If you insist on purchasing brown mulch, I recommend pure pine, spruce or fir bark mulches. These contain 90 to 100 percent lignins, a source of carbon not easily digested by microorganisms. Thus they do not decompose readily and last on the surface of the ground one to two growing seasons. These mulches also contain polyflavanoids, which are beneficial because they help make essential trace elements available to the roots.
    Pine bark is available as nuggets, ground or as pine fines. The nuggets and ground mulches are the most preferred. Pine fines are generally only recommended as a soil amendment to increase the organic matter and help in lowering the pH of soils. Pine mulches are acidic in nature.
    Pine needles can be used as mulch but have a limited life, lasting only two to three months.
    Pea stone makes good mulch providing it is laid over landscape fabric. Brick chips, volcano slag or crushed granite are also usable mulches. But because of their density, they will sink into the soil unless they are placed over landscape fabric.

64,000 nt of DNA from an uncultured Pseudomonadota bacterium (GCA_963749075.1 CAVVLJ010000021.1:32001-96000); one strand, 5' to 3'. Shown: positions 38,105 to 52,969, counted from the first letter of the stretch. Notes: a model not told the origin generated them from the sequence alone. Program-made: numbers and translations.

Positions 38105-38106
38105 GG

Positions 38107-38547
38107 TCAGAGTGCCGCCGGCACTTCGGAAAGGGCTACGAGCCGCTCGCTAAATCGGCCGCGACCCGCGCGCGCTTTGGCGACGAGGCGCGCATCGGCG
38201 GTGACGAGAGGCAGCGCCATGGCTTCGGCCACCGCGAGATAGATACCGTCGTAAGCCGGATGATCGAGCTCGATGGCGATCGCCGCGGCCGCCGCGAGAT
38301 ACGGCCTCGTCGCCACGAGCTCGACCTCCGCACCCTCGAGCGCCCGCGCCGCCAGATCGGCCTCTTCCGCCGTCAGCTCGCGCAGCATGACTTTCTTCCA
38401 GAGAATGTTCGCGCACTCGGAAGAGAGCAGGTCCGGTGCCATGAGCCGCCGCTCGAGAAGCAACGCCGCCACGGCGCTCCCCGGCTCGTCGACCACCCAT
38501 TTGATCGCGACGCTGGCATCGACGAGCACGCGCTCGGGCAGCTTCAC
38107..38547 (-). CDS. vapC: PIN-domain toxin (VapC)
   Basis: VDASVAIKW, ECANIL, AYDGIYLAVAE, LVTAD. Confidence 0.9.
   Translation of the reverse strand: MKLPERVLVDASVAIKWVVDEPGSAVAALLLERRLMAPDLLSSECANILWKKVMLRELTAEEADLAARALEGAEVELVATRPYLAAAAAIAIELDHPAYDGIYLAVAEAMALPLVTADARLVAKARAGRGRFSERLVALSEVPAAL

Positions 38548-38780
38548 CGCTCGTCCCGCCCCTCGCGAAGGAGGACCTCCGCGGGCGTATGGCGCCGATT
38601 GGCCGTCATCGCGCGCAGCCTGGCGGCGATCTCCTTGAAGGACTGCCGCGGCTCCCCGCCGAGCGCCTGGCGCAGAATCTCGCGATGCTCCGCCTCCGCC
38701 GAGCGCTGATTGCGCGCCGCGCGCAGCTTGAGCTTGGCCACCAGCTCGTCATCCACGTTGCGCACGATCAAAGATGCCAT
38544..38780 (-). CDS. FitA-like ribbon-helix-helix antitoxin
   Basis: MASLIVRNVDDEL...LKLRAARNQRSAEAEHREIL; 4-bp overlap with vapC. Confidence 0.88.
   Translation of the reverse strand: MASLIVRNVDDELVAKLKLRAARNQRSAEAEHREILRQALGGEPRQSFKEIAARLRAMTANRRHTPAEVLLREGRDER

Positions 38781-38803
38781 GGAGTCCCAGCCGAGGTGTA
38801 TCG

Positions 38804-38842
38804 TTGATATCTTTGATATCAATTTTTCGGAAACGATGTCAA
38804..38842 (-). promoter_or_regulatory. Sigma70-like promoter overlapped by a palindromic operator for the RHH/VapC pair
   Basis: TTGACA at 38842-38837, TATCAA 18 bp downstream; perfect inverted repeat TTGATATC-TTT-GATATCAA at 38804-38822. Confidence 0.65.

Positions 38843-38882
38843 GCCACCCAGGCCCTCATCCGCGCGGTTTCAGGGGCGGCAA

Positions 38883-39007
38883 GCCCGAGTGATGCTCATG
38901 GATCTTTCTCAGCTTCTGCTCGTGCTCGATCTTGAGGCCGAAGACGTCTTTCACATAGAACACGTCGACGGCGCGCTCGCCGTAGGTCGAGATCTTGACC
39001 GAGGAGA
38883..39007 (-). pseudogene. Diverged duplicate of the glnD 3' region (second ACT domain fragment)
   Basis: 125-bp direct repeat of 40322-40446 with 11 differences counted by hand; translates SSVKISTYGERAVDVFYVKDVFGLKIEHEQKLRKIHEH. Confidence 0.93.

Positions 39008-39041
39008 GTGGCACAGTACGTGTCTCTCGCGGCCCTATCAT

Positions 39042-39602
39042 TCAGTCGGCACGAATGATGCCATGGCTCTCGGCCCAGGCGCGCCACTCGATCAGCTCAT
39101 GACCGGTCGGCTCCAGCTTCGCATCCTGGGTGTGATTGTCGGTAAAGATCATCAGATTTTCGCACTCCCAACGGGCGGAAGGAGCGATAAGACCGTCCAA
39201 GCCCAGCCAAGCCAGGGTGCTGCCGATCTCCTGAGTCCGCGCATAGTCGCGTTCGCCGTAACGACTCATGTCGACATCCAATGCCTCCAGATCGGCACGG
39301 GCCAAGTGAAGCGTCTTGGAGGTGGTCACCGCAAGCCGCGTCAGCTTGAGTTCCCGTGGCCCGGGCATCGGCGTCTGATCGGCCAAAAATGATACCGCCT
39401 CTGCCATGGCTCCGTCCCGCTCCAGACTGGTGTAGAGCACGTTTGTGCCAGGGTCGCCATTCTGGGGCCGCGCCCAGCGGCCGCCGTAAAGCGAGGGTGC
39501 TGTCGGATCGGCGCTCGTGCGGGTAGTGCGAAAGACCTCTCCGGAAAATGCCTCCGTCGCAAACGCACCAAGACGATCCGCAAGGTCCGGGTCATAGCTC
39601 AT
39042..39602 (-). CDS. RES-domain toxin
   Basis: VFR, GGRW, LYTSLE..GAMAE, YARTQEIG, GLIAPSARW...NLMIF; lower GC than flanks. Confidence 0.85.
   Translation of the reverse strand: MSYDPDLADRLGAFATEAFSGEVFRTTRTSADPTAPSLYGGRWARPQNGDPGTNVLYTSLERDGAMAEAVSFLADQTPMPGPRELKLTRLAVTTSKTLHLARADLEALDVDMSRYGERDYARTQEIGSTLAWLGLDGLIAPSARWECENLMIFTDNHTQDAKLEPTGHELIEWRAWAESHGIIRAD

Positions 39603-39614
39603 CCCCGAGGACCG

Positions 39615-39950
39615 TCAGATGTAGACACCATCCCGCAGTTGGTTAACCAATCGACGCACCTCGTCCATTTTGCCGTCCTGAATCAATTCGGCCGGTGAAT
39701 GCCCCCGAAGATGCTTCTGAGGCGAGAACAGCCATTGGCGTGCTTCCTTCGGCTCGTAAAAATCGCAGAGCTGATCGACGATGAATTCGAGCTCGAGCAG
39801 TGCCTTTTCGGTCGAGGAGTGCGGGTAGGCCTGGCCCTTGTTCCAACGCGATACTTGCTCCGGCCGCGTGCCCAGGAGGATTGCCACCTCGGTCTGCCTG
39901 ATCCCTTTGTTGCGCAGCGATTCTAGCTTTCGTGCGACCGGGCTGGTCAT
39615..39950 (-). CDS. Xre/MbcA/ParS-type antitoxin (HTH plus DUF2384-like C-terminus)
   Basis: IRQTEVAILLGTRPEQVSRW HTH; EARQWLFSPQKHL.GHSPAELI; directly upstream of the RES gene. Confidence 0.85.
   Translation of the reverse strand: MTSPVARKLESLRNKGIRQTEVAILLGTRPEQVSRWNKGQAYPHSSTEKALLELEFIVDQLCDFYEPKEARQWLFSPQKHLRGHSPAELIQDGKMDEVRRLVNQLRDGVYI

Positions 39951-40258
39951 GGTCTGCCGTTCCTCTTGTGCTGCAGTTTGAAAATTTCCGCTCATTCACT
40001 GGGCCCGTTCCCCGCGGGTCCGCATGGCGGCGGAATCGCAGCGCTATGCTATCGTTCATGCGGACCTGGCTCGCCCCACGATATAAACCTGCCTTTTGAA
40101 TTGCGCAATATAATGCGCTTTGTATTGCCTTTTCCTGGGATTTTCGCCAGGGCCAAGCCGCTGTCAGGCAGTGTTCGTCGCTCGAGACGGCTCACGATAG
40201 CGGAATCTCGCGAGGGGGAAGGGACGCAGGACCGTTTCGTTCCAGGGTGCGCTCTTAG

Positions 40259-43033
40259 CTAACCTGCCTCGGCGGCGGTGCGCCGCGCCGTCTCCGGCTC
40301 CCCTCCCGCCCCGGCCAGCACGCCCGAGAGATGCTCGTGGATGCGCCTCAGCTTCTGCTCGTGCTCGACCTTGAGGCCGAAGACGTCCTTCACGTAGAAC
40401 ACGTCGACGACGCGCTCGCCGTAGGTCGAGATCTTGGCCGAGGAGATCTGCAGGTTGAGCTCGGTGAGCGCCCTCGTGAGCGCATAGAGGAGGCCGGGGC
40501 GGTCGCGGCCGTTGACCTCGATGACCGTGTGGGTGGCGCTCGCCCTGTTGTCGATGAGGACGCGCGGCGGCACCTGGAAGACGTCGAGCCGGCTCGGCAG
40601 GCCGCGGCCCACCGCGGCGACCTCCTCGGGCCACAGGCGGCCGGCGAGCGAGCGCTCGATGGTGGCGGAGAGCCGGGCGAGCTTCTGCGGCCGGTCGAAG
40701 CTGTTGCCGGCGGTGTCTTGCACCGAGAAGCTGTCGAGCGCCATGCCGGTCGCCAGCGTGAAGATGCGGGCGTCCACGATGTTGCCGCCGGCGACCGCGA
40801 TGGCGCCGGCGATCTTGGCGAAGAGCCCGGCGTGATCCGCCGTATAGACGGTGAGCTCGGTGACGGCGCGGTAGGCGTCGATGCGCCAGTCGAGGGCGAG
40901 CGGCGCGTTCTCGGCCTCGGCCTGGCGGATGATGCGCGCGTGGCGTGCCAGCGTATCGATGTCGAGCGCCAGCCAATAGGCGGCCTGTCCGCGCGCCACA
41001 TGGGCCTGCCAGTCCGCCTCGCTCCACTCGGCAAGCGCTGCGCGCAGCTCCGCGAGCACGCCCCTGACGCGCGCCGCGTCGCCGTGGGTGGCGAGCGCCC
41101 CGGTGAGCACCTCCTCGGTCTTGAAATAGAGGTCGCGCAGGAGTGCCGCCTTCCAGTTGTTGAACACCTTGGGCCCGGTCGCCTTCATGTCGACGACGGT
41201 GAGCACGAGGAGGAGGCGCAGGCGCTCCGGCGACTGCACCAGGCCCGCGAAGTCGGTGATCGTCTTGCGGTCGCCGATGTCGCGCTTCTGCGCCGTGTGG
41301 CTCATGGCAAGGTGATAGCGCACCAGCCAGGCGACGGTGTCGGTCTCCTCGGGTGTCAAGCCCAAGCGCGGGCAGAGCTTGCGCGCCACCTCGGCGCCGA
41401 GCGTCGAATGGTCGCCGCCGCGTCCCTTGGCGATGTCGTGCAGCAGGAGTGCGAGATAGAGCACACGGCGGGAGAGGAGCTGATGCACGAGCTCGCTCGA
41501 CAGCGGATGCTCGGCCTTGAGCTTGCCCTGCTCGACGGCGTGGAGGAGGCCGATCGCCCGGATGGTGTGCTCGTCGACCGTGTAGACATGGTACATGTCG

In the vegetable garden, straw — not hay — works as mulch. Even newspapers can be used, applied in 10 to 15 layers and soaked with water immediately to stop them from being blown away. I use shredded paper because it is easier to spread and, once soaked with water, remains in place better than sheets of newspaper. You need not worry about the ink because most black ink is made from soy while the colored inks are organic. I would prefer the old zinc ink because most of our soils here in the East are low to deficient in zinc, a mineral important in our diet.
    Shredded cardboard also makes good mulch. The advantage of using straw, newspapers, shredded paper and cardboard is rapid decomposition without creating nutrient stress. As they are opaque, they control weeds by the shade they create.